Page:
Michael Kagan brings a unique perspective to the study and practice of immigration law, having spent 10 years building legal aid programs for refugees throughout the Middle East and Asia. He has written several of the most widely cited articles in the fields of refugee and asylum law, which have been relied on by multiple federal courts of appeals, and by courts in Israel and New Zealand.
Prof. Kagan’s research on credibility assessment in asylum cases has “guided most subsequent research and analysis on the topic,” according to a 2012 commentary. His 2006 study of refugee status determination by the United Nations has been noted as the most frequently cited article in the history of the International Journal of Refugee Law. In his recent research, Prof. Kagan has focused on the intersection of immigration with criminal, and U.S. constitutional law. His recent writing been published by The Georgetown Law Journal, Washington University Law Review, Ohio State Law Journal, Texas International Law Journal, Michigan Journal of Law Reform and California Law Review, among others.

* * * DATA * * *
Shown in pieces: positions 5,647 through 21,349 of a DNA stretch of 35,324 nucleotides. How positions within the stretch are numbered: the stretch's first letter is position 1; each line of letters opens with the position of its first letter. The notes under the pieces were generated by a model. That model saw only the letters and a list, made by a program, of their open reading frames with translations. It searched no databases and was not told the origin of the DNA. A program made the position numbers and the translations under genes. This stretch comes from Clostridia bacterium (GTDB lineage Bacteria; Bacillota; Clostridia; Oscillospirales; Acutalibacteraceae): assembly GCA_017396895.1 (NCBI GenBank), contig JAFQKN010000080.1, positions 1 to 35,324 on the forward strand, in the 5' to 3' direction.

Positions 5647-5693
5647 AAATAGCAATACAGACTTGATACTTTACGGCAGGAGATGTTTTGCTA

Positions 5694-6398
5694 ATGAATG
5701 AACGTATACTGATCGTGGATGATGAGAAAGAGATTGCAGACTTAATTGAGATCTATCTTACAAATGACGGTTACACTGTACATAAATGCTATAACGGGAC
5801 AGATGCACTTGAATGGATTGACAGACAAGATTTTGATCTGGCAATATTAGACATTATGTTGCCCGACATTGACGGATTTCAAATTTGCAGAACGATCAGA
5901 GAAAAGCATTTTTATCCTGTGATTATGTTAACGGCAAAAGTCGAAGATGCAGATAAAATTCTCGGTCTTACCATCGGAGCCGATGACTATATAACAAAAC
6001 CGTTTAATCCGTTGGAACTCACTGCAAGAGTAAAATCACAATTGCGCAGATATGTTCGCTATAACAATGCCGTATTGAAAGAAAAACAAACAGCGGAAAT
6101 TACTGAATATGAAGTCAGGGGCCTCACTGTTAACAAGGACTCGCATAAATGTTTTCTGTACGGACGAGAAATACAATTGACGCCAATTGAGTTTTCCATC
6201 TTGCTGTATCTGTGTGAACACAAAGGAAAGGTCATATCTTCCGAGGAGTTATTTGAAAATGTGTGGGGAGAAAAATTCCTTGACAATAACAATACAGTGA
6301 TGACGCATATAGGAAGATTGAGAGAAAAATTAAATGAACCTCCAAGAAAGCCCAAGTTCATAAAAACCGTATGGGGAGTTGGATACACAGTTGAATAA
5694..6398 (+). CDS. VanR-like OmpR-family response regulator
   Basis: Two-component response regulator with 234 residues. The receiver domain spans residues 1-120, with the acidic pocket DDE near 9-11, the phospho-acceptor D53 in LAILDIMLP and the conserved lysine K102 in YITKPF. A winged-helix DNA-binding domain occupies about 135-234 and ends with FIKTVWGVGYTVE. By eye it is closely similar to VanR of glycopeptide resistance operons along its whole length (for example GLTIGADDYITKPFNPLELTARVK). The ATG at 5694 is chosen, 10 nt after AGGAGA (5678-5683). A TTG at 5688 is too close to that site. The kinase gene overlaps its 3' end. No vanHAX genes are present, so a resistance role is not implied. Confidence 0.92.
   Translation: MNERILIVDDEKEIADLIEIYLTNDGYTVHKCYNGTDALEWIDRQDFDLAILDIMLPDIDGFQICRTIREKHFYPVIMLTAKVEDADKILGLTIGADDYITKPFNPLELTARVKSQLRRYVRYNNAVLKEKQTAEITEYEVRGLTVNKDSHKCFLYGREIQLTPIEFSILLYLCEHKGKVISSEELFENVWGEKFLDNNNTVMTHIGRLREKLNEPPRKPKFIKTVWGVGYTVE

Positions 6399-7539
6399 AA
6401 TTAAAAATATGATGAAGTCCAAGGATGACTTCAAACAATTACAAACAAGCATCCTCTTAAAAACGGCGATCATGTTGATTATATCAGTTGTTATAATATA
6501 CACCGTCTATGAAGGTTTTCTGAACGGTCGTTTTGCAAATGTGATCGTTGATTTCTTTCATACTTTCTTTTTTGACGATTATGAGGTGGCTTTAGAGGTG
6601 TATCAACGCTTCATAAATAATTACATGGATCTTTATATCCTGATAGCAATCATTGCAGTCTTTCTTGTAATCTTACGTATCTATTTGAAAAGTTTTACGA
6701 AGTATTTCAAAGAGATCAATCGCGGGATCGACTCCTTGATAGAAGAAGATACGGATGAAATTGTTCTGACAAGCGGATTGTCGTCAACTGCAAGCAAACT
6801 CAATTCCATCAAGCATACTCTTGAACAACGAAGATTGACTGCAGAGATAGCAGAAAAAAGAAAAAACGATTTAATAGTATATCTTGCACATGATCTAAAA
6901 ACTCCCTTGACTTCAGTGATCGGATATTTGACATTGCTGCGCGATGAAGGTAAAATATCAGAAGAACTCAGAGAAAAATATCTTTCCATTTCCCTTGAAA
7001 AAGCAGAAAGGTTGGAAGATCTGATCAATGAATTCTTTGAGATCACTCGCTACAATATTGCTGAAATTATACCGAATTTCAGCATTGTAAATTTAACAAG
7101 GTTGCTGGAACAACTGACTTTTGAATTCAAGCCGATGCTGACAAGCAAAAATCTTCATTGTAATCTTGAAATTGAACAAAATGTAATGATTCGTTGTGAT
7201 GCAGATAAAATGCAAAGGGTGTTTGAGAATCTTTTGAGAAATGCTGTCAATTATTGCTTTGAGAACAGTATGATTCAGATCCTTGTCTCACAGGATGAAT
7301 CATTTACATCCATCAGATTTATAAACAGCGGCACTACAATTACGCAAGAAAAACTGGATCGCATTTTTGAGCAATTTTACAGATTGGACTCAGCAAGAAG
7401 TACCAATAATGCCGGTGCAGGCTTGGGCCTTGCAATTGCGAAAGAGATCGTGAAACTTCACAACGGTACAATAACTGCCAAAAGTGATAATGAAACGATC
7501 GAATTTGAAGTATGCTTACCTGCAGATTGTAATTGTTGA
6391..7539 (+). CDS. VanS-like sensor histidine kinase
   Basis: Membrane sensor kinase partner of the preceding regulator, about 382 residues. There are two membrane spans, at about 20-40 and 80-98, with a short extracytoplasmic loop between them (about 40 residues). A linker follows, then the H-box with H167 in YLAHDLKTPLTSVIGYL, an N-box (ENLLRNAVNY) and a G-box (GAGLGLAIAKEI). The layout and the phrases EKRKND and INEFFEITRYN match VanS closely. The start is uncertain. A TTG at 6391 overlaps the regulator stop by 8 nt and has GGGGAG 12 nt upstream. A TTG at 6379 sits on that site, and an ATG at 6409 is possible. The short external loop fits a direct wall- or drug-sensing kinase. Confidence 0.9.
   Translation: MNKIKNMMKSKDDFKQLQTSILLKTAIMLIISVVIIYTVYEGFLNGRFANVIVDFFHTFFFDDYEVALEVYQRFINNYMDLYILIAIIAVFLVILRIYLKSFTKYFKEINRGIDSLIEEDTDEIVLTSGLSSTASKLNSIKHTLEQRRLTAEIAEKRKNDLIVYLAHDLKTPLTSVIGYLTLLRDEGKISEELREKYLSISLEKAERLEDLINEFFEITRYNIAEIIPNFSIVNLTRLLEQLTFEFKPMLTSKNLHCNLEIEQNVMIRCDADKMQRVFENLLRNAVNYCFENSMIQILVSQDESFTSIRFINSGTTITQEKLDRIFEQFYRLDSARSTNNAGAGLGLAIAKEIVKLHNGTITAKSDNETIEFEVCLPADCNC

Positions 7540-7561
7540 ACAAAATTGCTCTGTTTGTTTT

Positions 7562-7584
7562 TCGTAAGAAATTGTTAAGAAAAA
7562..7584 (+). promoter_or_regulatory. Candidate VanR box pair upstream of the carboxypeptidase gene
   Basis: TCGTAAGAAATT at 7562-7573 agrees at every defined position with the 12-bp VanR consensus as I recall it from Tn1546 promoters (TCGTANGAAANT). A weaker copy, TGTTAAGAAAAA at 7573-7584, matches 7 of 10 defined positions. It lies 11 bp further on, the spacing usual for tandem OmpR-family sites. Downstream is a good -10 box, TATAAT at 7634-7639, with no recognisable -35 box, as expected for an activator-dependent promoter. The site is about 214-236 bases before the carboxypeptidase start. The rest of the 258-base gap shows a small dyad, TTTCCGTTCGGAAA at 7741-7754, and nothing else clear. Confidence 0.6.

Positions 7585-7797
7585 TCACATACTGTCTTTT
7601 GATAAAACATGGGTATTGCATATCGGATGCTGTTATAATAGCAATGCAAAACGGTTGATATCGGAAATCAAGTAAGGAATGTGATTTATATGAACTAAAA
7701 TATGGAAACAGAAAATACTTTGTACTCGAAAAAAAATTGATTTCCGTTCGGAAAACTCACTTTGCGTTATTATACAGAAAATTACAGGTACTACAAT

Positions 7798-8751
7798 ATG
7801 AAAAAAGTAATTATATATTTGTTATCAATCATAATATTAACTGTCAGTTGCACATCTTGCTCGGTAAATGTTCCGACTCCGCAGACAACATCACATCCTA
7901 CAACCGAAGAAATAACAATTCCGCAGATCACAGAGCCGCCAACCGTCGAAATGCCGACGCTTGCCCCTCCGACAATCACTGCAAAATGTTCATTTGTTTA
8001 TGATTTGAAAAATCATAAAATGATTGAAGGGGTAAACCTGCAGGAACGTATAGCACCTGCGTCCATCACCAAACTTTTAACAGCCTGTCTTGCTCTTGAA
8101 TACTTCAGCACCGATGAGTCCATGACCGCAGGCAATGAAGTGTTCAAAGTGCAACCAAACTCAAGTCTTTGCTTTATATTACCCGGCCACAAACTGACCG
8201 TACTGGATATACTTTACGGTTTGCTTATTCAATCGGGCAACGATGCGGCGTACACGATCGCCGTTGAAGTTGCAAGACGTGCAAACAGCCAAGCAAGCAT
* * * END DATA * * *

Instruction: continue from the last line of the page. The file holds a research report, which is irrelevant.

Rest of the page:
Prof. Kagan, in partnership with UNLV’s Fatma Marouf (Law) and Rebecca Gill (Political Science), is leading a major empirical study about how the federal courts adjudicate immigration appeals. This research has opened a window on how federal judges make high stakes decisions about whether to halt deportations, decisions that are rarely published and usually invisible to the public. In 2013, Profs. Kagan and Marouf were named Bellow Scholars by the Association of American Law Schools in honor of the research.
Prof. Kagan held previous teaching positions at Tel Aviv University and the American University in Cairo. His role in expanding refugee legal aid in the global south was profiled in Zachary Kaufman’s Social Entrepreneurship in the Age of Atrocities (Edward Elgar Publishing, 2012). He was also a lead drafter of the Nairobi Code, an international model code of ethics for legal aid in refugee cases.
At Boyd, Prof. Kagan co-directs the Immigration Clinic and teaches administrative law, professional responsibility, international human rights and immigration law. In his clinical work, Prof. Kagan leads students in handling complex asylum and deportation cases, with a particular focus on the intersection of federal immigration law and local criminal justice. He has built an innovative program in which the Immigration Clinic consults with the Clark County Public Defender in plea negotiations involving immigrants, and a pilot program in which clinic students represent non-citizen criminal defendants, filing a gap in indigent criminal defense.
- Administrative Law
- Criminal Law
- First Amendment
- International Human Rights Law
- Immigration Law
- Professional Ethics